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Bringing sexy back to fashion while redefining gender codes

By Jackie Mallon


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International catwalk regular Teddy Quinlivan who came out as trans at the height of her modeling fame in 2017 told guests at the Fairchild Media Group’s Diversity Forum last week, “We are really on the precipice of a cultural turning point.” Speaking on a panel entitled, “Redefining sexuality and style for any gender, what will it take?” she said that society is finally ready to accept new forms of gender expression and representations of sexiness that rise above cliché.

“Creatively breaking new frontiers and rewriting codes is more revolutionary than just putting a dress on a boy,” said Quinlivan who was first discovered by Louis Vuitton's creative director Nicolas Ghesquière and has walked for Gucci, Marc Jacobs, Fendi, Caroline Herrera, Dries Van Noten and Dior to name a few. The concept of a boy in a dress is an oversimplification of gender fluidity and is, believes Quinlivan, already dated. “We can do it in a less obvious, less surface way.”

This timely conversation happens to coincide with the opening of the exhibit "Fashioning Masculinities, The Art of Menswear," at the Victoria & Albert Museum in London and just a few days before Timothée Chalamet borrowed from Nicolas Ghesquière's Spring 22 womenswear runway for his shirtless Oscars look of slim tailored pants and cropped beaded jacket. Fashion more than any other career is about identity and self-expression but Quinlivan does not understand why gender has been so ingrained in clothing.

She is joined on the panel by Ludovic de Saint Sernin, the 27-year-old designer who has forged a reputation at Paris Fashion Week for igniting menswear despite creating with no gender in mind, His dual focus is not male and female but sensuality and sexuality. His signature item has become an eyelet brief which has sold out but he is also known for spaghetti strapped sequins, transparent chiffon wrap tops and bra style items worn with low rise pants. Both speakers are members of a progressive generation smashing the guardrails that have kept the international fashion industry following the same narrow lane since fashion shows began over a century ago. They met at the height of Phoebe Philo’s Celine era, which Quinlivan refers to as “an intellectual, anti-sex moment in fashion,” and identified in each other kindred spirits who wanted to be unapologetically sexy.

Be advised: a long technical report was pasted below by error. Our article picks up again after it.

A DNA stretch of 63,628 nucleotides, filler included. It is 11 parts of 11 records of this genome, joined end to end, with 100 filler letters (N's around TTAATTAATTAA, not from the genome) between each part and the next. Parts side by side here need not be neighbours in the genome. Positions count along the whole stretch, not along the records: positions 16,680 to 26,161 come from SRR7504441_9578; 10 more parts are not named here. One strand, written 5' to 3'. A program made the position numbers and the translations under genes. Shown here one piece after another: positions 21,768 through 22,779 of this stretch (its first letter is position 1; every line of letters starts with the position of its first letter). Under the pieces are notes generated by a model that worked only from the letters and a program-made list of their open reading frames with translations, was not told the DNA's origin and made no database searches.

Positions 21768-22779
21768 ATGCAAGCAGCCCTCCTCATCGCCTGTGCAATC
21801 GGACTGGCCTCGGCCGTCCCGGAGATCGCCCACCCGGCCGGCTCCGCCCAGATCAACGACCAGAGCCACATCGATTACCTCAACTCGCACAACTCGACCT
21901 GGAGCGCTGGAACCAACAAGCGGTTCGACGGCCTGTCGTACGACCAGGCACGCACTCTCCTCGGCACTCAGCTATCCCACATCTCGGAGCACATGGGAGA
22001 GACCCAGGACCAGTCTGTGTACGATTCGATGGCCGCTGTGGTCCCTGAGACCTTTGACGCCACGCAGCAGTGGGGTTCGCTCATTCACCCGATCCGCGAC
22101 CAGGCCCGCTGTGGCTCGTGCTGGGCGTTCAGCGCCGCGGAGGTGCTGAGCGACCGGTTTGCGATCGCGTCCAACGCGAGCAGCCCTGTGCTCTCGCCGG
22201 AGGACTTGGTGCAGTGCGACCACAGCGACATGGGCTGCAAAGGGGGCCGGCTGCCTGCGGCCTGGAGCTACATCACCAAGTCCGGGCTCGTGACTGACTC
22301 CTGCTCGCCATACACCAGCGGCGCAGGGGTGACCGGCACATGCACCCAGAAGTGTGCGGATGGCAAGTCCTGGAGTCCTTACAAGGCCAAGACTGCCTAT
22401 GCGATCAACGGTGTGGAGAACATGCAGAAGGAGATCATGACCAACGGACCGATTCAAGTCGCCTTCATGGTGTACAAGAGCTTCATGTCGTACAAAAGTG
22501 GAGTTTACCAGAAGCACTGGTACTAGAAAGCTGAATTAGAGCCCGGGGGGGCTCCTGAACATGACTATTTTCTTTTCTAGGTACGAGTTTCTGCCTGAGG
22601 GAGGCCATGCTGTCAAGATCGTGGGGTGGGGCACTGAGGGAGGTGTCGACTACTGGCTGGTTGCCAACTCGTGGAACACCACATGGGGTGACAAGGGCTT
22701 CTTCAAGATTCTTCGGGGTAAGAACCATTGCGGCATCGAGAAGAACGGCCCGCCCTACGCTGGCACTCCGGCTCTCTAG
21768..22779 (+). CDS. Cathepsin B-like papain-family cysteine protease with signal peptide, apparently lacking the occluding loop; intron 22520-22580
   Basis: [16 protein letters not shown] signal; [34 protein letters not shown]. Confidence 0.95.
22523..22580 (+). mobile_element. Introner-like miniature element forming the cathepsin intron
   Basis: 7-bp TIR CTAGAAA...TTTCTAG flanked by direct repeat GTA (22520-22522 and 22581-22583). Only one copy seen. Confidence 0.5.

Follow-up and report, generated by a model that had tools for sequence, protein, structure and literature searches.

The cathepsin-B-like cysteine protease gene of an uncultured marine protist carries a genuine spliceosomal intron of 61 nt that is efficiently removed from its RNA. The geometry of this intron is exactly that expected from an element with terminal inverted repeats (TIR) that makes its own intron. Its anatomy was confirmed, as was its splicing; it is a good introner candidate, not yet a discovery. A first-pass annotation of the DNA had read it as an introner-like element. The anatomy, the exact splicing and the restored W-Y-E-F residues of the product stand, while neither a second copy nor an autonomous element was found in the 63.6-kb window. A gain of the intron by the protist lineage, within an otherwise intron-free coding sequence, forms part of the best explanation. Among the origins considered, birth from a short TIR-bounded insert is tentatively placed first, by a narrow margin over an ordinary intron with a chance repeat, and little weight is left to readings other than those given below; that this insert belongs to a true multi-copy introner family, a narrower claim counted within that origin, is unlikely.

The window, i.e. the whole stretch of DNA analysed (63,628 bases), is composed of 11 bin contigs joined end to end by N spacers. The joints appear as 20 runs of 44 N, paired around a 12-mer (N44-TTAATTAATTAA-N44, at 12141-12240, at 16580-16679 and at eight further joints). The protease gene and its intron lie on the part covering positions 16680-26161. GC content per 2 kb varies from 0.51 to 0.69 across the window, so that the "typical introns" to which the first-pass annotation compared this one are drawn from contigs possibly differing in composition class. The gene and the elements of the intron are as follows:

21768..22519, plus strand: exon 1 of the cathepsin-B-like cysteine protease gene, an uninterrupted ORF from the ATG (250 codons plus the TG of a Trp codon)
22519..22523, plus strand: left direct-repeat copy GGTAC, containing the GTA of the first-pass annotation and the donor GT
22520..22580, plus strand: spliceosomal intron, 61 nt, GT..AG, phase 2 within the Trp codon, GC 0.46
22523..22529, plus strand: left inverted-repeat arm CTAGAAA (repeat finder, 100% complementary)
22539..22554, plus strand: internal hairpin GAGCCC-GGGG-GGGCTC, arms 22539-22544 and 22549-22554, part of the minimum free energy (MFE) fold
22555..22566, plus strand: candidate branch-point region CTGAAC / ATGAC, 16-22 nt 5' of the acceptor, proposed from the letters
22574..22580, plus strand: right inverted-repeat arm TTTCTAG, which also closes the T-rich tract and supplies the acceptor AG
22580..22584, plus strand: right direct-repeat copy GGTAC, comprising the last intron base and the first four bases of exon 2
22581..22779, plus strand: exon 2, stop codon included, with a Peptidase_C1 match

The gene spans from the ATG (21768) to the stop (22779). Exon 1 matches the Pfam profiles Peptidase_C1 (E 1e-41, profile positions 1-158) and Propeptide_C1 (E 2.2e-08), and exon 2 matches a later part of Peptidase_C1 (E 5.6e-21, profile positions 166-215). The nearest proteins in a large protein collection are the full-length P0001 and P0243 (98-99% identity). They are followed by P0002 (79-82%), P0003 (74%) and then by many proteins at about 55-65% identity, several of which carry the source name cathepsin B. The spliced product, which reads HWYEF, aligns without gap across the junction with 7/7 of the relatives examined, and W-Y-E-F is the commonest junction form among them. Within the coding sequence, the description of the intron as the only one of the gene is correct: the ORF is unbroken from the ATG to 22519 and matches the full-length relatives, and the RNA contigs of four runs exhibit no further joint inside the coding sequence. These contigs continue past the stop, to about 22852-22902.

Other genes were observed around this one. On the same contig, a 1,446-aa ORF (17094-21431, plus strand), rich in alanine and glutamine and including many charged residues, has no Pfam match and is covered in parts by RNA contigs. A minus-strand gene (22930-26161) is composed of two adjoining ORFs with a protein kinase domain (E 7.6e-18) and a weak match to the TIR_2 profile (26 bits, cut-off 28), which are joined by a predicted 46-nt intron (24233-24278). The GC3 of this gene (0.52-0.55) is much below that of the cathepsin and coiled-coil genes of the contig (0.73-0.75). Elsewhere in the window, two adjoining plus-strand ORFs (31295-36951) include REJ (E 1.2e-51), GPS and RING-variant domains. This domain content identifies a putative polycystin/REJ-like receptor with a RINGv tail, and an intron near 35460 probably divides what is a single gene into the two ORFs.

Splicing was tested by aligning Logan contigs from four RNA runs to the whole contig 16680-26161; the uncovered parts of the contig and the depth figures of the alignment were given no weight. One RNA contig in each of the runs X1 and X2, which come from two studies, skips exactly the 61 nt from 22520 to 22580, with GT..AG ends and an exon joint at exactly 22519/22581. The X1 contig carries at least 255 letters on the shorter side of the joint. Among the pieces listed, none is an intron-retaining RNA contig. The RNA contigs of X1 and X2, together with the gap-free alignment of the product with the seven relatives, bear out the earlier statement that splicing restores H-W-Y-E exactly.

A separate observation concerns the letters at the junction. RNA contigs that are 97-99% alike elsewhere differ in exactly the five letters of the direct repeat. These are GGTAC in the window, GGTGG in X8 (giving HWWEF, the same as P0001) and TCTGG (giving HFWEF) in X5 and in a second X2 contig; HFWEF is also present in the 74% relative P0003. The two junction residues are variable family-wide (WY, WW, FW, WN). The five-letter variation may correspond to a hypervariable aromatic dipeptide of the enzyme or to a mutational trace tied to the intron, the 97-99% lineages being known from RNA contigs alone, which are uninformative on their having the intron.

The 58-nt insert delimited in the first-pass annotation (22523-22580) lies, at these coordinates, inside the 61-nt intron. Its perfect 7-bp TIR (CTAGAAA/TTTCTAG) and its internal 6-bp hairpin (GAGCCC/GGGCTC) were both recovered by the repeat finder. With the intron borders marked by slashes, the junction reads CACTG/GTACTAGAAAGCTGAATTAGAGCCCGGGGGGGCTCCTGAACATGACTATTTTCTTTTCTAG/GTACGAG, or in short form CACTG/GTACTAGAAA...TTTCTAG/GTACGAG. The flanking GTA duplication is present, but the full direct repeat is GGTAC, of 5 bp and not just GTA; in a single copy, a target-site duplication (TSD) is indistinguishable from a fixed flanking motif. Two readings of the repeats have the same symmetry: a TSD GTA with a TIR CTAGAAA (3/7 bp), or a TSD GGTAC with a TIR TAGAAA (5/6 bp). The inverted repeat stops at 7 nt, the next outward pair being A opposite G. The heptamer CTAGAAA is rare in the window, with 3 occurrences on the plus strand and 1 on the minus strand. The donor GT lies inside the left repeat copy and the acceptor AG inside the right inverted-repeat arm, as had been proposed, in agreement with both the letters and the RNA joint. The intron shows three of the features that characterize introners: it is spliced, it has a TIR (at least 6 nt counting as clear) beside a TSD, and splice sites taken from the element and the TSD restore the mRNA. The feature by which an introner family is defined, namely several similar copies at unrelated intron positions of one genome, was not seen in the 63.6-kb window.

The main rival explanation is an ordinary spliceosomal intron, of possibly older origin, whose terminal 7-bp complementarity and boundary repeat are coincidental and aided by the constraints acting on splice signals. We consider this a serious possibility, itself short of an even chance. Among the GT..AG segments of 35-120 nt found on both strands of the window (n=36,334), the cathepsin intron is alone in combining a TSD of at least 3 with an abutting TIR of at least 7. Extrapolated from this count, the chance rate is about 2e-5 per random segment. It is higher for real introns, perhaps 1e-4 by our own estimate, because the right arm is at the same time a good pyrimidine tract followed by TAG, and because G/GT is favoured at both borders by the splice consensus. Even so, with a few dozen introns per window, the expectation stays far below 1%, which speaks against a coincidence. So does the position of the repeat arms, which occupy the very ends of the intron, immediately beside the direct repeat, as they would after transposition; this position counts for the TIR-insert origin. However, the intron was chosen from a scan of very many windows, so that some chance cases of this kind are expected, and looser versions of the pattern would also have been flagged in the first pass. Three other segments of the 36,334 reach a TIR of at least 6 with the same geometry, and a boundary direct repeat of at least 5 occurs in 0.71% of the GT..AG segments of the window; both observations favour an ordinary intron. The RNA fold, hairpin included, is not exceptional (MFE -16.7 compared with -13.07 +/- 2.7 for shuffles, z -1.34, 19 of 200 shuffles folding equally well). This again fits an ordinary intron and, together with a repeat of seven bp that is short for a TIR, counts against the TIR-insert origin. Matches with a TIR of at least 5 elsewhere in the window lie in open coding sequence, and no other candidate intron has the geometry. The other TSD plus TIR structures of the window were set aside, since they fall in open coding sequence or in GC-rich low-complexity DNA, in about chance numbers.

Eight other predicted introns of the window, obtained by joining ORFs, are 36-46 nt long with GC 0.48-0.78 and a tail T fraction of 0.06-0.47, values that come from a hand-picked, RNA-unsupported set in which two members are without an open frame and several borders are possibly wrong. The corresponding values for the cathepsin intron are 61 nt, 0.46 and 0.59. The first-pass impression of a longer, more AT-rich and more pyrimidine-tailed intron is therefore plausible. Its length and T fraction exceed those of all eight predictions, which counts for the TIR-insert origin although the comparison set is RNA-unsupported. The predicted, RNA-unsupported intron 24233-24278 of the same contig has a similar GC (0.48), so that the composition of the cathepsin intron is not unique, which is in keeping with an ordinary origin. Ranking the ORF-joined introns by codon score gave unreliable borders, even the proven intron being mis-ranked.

But first, Quinlivan had some personal business to take care of. While the weight of bearing her secret had begin to take its toll, she said it was concern about the rise in violence against the trans community under the Trump administration that motivated her decision to reveal her true identity. This outweighed any fear of potential career backlash.

“I wanted to prove that trans people can do incredible things and not be pushed into some Jerry Springer narrative,” said Quinlivan who felt that coming out at the peak of her success would hold brands’ feet to the fire. If they’d loved her when they thought she was a cis female would they still book her as a trans woman? Being trans was a part of who she was but it did not define her.

The return of sex to fashion

De Saint Sernin cites his influences as “cultural icons who had a unique relationship with sex,” such as Robert Mapplethorpe and Madonna and references Patti Smith’s memoir Just Kids. His brand messaging is personal, describing it as “a journal that could have an impact.” When he first showed in 2017 no one knew who he was but that anonymity allowed him to carve out his own narrative of what he refers to as “homoerotic visual acceptance.” Authenticity has become a tediously overused word in brand strategizing but de Saint Sernin's decision to walk in his own show for fall 22 put the creator squarely at the heart and soul of his brand. "I paint self-portraits," said Frida Kahlo, "because I am the person I know best." Similarly, De Saint Sernin used his catwalk as canvas because he knows no other way. “I was just living my dream," he said, "a message of self love.”

Quinlivan cautions brands to seek only truth when venturing into this uncharted but exciting territory. “Brands have a desire to be as provocative as possible. It gets to a point where it's exploiting people to gain publicity, to go viral,” she said. Exploring new expressions of gender and sexuality will only work if it’s meaningful and not merely for headlines.

“We’re really blessed to be able to express ourselves, to be who we really are,” said de Saint Sernin who acknowledges that not all individuals are in such a position. Sometimes simply being true to oneself is the bravest thing a person can do. “But we’re not here to teach people how to react to us.”

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Teddy Quinlivan